The following excerpt from The Phish Companion is shared not only to encourage you to explore the book, but in light of concerns on the forum about jaded vets. We’re of course thrilled that so many people continue to discover (and rediscover) Phish, and welcome you to a site where connoisseurship sometimes puts praise in the context of historical variance. Previously posted in the earlier (Tumblr) version of this blog, it's now posted here...
There has been such extensive discussion about Phish’s high points that there are common suggestions for best performances (esp.12/31/95), strangest setlists (esp. 2/20/93), and most cosmic experiences (esp. 1/1/00). Much less attention is paid to the “bad moments” in Phishtory. You can find critique (and anything else) in excess in some places on the Internet, but it’s taboo in some circles. Many fans wear rose-colored blinders, or even nay-say about the possibility of mishaps, following the neo-hippie mantra that “it’s all good”. But it isn’t, even with Phish, and discussing that is a necessary responsibility in comprehensively covering their history and music.
Trey Anastasio - "Back to the Phuture" article in July 2000 SPIN magazine
I went online in a Phish chatroom once. I logged on as Crackhead and was talking about smoking crack with Trey backstage. And they were like, 'Bullshit! He doesn't do that!' and I was like, 'Yes he does.' And they were like, 'What was Brad Sands, Phish's road manager wearing?' and I said 'Red Shirt, black tie, standing over by the hors d'oeuvre tray.'
Most lot merch aficianados know about Sean "Waldo" Knight of Knighthood Ts, who fought a copyright infringement battle with Phish, Inc. back in the day over the "song title" parody T shirts where someone other than Phish's IP (such as the manufacturers of Tide detergent, say, for the popular "Glide" T shirts) was arguably being infringed.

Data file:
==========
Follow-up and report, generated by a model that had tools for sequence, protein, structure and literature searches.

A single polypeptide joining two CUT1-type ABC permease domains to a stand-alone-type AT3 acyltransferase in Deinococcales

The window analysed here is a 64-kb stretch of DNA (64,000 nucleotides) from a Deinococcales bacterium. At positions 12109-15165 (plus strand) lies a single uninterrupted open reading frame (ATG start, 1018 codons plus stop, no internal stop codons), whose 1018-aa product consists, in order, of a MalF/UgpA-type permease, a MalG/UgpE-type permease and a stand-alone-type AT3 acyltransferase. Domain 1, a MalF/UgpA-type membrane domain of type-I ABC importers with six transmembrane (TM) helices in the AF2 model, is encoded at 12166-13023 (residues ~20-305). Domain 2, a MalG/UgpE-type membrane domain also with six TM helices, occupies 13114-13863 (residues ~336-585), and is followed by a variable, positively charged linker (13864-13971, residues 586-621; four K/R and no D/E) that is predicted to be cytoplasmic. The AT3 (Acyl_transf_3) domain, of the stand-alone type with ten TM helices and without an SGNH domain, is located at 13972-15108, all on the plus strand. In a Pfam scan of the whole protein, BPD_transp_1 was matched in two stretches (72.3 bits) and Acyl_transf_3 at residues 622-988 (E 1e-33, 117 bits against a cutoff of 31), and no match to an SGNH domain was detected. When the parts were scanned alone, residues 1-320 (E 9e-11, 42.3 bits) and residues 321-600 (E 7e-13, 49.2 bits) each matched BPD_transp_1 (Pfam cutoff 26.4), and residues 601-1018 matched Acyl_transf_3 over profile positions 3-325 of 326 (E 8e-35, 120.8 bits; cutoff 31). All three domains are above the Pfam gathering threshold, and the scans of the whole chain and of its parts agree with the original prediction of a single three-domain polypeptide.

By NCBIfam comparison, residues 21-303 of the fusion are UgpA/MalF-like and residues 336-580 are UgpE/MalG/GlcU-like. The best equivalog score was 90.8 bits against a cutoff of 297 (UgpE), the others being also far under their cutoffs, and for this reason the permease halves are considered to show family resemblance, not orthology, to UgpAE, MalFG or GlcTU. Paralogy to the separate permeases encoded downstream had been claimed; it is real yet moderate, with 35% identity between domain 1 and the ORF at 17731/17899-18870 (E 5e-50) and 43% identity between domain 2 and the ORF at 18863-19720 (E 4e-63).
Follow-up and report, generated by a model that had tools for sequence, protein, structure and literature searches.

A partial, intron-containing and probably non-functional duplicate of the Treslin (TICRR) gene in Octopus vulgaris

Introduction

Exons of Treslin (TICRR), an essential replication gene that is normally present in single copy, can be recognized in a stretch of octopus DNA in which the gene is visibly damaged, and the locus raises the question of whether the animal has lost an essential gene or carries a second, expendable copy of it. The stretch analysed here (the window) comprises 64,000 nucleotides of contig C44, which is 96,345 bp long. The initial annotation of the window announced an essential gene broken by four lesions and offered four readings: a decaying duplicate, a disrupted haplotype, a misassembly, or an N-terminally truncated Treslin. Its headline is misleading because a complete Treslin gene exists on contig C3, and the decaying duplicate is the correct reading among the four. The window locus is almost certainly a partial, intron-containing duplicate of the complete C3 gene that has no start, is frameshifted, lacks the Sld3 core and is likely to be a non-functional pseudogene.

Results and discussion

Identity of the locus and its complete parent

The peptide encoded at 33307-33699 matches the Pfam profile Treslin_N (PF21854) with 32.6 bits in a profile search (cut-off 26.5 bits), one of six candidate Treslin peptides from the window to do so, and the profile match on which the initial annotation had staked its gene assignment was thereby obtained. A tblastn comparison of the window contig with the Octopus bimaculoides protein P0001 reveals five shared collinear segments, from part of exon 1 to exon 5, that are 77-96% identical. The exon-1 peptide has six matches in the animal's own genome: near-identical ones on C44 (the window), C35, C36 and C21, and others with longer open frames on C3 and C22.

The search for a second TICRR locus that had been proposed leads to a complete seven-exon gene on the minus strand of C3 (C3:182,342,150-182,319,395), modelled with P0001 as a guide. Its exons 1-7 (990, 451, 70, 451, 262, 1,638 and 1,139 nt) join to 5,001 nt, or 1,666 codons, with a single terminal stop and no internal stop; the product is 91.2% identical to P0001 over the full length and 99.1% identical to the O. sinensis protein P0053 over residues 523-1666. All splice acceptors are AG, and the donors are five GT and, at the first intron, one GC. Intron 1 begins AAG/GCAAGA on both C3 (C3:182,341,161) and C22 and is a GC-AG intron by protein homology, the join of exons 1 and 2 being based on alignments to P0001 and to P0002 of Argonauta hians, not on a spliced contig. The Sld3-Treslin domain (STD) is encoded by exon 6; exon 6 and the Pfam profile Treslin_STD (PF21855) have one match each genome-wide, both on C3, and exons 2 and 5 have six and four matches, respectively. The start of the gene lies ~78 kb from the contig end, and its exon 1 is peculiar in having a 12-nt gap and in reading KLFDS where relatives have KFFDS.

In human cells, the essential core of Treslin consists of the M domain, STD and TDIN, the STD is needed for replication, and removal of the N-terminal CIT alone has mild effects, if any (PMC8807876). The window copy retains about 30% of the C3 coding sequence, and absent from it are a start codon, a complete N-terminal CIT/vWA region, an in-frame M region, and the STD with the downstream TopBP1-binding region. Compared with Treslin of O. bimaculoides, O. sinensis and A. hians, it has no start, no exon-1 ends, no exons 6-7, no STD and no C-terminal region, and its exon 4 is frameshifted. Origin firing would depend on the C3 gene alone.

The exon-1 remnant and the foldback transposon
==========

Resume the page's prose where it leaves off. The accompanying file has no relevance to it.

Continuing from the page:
Waldo won that battle, and it's been assumed by lot merchants and "phan artists" that most companies other than Phish won't bother with similar trademark parodies. Companies like New England's H.P. Hood dairies, for instance, might even be amused by and benefit from the windfall of publicity and goodwill from Phish fans, on the "all publicity is good publicity" theory.
But not so fast says Bridgestone Brands a/k/a Firestone, which recently sued Waldo and his wife Joanne for copyright infringement. Firestone is not amused because it considers itself in the clothing business (NASCAR style race car driver attire) as well as slinging tires. Firestone's suit seeks an injunction against the sale of the infringing items and triple Waldo's profits as provided for by copyright law.
More details from trademark law blogger Lara Pearson's Brand Geek[r] blog here.
Congratulations to Adam Scheinberg, a Mockingbird Foundation Board member and IT Director (and of course .net webmaster) for being recognized by the Orlando Business Journal as one of this year's "Forty Under Forty" finalists.
In his day gig, Adam is the senior director of technology and information systems for Massey Services, Inc., an environmental services company headquartered in the Orlando, FL area.
Adam is profiled in today's online edition. Not surprisingly to anyone who hangs out on phish.net, he lists "concerts and travel" as the biggest categories of his disposible income.